The 10th of October is World Mental Health Day and, to mark the occasion, it was announced on Twitter earlier today that Head in the Game are now an official charity of the PFAI and will sponsor the Young Player of the Year award at the end of the season.
Speaking on the back of this announcement ‘Head in the Game’ Chairperson Dean Arrowsmith said, “It’s both a privilege and an honour for all involved in ‘Head in the Game’ to be given this opportunity and we are grateful to both Stephen and Simone in the PFA Ireland for allowing us to present the award in our name.”
“It’s just over a year ago since we set out to ignite a conversation within the Irish footballing community around positive mental health and we’ve been completely overwhelmed how well received our campaign has been to date,” continued Mr. Arrowsmith.
We never would have imagined that one year on, we would be given this chance. We’re really looking forward to working closely with the PFA Ireland in the coming months and years; collaborating on initiatives that are of a particular benefit to players in clubs throughout the league.”
PFA Ireland General Secretary Stephen McGuinness said, “The PFA Ireland are delighted to announce “Head in the Game” as our official charity partner. Raising awareness of mental health difficulties and providing support to those affected, is one aspect of the support the PFA Ireland have been providing to our members and their families.
“With “Head in the Game” being a volunteer driven, grass roots initiative, we feel it is important to provide the campaign with as much support as possible and by doing so, we hope this will enhance our existing efforts in this area and assist with developing a platform to raise awareness of mental health issues among the wider community.”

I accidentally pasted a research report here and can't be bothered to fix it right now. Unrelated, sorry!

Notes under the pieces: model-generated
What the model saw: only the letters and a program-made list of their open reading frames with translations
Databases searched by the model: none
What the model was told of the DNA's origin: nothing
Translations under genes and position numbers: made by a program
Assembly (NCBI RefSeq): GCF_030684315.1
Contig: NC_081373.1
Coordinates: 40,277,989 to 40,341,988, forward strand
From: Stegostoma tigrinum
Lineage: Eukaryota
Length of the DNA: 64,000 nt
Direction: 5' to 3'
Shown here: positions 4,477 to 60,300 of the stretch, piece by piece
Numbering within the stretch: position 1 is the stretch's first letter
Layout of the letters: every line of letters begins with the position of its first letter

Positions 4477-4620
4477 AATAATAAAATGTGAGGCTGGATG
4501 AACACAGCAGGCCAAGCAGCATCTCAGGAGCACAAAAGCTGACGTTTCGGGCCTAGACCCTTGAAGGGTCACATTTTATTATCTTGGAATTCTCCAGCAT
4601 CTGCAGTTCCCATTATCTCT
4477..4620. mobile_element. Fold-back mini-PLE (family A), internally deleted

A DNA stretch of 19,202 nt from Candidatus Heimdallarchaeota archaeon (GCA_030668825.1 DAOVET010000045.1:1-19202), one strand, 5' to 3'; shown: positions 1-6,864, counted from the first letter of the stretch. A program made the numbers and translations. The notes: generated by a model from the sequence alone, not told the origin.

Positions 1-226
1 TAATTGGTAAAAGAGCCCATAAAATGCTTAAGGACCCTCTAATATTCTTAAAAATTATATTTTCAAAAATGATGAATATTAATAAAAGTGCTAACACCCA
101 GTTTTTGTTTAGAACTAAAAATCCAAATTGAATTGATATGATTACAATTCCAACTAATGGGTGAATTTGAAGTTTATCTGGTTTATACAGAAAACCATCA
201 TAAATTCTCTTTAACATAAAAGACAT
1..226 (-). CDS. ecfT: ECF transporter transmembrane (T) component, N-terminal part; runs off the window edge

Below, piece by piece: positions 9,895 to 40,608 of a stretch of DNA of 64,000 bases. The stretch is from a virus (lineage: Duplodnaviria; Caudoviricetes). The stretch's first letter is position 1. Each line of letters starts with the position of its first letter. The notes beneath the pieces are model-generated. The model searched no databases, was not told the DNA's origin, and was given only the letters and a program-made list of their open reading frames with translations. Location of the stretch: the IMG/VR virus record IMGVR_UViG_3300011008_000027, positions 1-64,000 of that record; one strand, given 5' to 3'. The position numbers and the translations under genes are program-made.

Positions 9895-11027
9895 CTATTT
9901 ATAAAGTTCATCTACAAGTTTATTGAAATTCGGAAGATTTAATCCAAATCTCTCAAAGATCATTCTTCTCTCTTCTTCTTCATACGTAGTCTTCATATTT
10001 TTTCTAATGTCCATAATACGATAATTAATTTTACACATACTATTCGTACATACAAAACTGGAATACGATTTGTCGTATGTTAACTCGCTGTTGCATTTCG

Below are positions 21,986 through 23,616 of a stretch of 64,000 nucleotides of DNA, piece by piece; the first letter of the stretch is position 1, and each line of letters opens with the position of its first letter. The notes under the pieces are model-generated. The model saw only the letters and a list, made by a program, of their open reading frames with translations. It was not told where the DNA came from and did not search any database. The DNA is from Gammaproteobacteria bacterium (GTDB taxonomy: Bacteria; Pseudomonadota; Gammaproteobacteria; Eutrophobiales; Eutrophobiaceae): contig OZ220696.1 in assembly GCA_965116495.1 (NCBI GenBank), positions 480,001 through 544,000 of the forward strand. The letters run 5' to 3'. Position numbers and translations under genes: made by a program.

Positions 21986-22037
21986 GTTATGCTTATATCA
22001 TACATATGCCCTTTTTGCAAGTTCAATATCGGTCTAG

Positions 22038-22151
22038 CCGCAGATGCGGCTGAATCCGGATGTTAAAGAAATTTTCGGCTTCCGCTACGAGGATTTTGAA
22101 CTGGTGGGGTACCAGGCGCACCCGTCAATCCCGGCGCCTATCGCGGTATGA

Head in the Game is a supporter-led mental health initiative which was set up in August 2020 to encourage people to speak about their mental health. Their launch saw a number of League of Ireland personalities team up to take part in an awareness video based on a poem entitled, ‘Don’t Let Your Floodlights Go Out’ which can be viewed here.
In the subsequent 14 months, they have partnered with Mental Health charities Shine and Jigsaw, released a number of podcast episodes, announced female (Katie Burdis – DLR Waves) and male (Dave Rogers- ex-Shels and Dundalk) ambassadors and launched a leisure range with Umbro, including a home and away jersey and a zip top, to promote awareness of the importance of promoting positive mental health.
These tops have since been worn by players throughout the league, most recently by Brendan Clarke, current PFAI chairperson, on Friday night.
After teaming up with the FAI earlier this season, all captains of League of Ireland and Women’s National League sides wore Head in the Game armbands during May to mark Mental Health Awareness month.
Despite Head in the Game being originally founded in Dundalk, it is in Drogheda where the name is now present in most League of Ireland conversations as United Park has been renamed Head in the Game Park courtesy of local councillor Joanna Byrne and an innovative sponsorship initiative run by the club which can be read about here.
This news is further evidence of the inroads being made across Irish football to increase the awareness of the importance of speaking about mental health and promote the message: Listen to each other, Talk to each other, Look after each other.
Further information about Head in the Game can be found through their Twitter account @HeadInTheGameIE.
Delighted to announce we are the new official charity partners for the @PFAIOfficial. It’s a perfect way to mark #worldmentalhealthday2021 and we’d like to thank Stephen, Simone and all involved in making this happen#worldmentalhealthday2021 pic.twitter.com/YrcApqxOTr— Head In The Game (@HeadInTheGameIE) October 10, 2021
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